However, by 1997, Ungar had largely disappeared from public view as he struggled with addiction. Fortunately, poker pro Billy Baxter decided to give Ungar the financial backing to take another swing at glory.
Ungar, who had dedicated his performance and his attempt at turning around his life to his daughter, played brilliantly.
Ungar went on to become only the second 3-time champion, and hope abounds. Ungar even made another run in 1998 but fell short.
A few months after his failed attempt in 1998, Ungar was found deceased in a Vegas motel room. Ungar died without a penny to his name.
It was a sad end to an amazing gambler, and one of the best poker stars of his generation.
Scotty Nguyen – 1998
The 1998 Main Event made history for having only five players make it to the final table. These five were whittled down from a player pool of 367 entrants.
This final table was down to only two remaining players, Scotty Nguyen and Kevin McBride. That’s when Scotty Nguyen delivered possibly the greatest line in poker history.
As Nguyen coolly smoked his cigarette and sipped his beer, he told McBride, “You call, it’s gonna be all over, baby.”
McBride foolishly called, and it was all over, baby. Scotty won a cool million for his troubles and, of course, another coveted World Series of Poker bracelet.
Scotty has five WSOP bracelets to his name, and in 2007 he was on the cusp of another huge payday. Unfortunately, his cocky style and big mouth backfired on him as he fell apart heads up versus Phillip Hilm.
Chris Moneymaker – 2003
If you’re heads up against a player named Moneymaker, do you just get up and leave?
Sam Farha is certainly not one to back down from a challenge. Moneymaker and Farhas battled it out at the final table, with Chris Moneymaker edging out the charismatic pro.
Moneymaker turned his $39 investment into a $2.5 million payday and earned the World Series of Poker Main Event title. More importantly, Moneymaker was the catalyst for the immense expansion of the online poker boom.
Online poker went from the fringes into mainstream poker culture. It legitimized the activity in a way that nobody could’ve imagined.
Joe Cada – 2009
Several times throughout the WSOP Main Event’s history, a young and shining star has risen to the occasion.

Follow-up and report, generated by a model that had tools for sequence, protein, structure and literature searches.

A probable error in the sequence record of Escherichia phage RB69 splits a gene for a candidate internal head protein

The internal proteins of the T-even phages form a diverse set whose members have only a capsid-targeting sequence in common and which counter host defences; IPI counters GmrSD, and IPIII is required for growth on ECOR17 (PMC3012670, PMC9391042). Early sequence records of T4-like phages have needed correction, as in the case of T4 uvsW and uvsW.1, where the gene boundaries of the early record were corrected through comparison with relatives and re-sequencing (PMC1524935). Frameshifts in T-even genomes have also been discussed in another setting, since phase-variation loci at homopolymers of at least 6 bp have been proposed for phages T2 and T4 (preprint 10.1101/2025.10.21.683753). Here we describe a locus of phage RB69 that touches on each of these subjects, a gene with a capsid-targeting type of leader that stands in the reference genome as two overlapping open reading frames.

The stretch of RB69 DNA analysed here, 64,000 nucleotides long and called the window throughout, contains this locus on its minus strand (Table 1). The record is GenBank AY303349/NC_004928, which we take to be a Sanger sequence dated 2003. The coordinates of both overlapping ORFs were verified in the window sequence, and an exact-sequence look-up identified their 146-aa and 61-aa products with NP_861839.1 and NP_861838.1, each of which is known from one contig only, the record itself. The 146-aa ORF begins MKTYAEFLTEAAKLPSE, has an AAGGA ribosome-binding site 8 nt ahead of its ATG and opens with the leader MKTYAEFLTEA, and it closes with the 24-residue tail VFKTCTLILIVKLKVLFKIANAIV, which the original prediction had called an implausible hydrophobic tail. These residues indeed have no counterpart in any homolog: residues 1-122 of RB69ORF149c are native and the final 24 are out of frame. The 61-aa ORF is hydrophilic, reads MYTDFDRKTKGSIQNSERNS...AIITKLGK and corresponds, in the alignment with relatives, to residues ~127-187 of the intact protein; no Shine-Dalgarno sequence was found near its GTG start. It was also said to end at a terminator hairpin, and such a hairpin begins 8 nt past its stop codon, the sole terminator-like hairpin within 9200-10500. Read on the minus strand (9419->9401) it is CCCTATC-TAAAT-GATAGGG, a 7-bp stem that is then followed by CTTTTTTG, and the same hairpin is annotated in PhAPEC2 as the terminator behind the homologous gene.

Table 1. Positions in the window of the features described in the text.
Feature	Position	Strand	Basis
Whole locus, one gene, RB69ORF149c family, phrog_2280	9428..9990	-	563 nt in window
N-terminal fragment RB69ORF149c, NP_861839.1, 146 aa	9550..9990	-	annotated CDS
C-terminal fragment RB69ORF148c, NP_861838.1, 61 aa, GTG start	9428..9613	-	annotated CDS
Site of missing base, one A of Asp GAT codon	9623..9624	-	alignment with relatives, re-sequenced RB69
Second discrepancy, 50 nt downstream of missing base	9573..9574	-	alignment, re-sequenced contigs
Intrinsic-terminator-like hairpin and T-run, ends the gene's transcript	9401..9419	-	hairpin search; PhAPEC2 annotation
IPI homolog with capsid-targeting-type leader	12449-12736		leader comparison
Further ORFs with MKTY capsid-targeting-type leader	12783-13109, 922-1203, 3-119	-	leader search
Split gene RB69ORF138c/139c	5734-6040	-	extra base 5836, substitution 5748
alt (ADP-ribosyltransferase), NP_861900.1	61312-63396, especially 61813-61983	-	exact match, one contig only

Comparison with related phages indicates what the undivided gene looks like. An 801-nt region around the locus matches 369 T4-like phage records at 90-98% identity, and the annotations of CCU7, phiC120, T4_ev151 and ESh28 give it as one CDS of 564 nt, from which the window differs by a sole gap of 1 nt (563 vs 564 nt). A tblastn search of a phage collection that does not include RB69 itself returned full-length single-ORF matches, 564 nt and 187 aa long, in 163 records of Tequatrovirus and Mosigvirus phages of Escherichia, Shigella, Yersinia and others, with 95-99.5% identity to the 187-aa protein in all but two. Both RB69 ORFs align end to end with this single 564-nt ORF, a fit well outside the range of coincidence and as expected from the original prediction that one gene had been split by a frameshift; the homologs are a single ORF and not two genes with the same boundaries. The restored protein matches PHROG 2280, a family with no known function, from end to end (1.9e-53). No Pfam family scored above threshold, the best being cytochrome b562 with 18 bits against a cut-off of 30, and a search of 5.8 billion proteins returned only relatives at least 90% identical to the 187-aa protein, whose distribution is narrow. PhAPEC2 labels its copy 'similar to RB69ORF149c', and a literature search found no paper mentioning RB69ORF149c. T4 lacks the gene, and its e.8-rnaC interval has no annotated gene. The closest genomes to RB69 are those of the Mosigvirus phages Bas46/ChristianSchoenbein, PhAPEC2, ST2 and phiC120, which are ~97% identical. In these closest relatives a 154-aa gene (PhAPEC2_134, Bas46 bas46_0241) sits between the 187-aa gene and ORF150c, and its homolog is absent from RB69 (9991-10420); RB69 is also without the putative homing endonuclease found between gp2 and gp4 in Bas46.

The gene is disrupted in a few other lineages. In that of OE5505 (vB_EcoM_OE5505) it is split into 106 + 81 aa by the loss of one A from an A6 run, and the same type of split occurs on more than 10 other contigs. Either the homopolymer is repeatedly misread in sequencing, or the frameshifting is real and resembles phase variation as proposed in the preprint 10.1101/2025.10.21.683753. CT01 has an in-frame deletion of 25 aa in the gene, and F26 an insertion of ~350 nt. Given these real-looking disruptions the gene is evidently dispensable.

That’s exactly what happened in 2009 when Joe Cada became the youngest player to win the Main Event.
Cada found himself at the final table with juggernauts in the poker world like Phil Ivey and Jeff Shulman. Initially, Cada floundered and was down to only four big blinds left.
Then he went on a tremendous run and ultimately found himself heads up against the chip leader at the beginning of the day, Darvin Moon.
Moon definitely had the crowd on his side, but Cada came out the champion after a lengthy game of cat and mouse.
He earned over $8.5 million while becoming the youngest winner in the event’s history.
Greg Merson – 2012
2012 was quite the year for an American player, Greg Merson.
More specifically, the 2012 World Series of Poker was extremely lucrative for the poker star. First, he won the No-Limit Texas Hold’Em Six-Handed event, which netted the young player his first WSOP bracelet and over $1.3 million.
He didn’t stop there, though. Merson locked horns with Jesse Sylvia and Jacob Balsiger at the final table of the Main Event.
After 11 hours of 3-way play and about 250 hands, Merson emerged victoriously and earned his second bracelet. He also picked up another $8.5 million.
Making for a nearly $10,000,000 week and earning himself 2012 Player of the Year honors. Definitely an impressive accomplishment for a professional poker player, but the real story is the epic battle from that final table.
The best part about making a list of nine of the greatest WSOP victories of all time is the nostalgia of childhood favorites like Scotty Nguyen.
The worst part is deciding on only nine when the event is overflowing with wonderful champions and battles.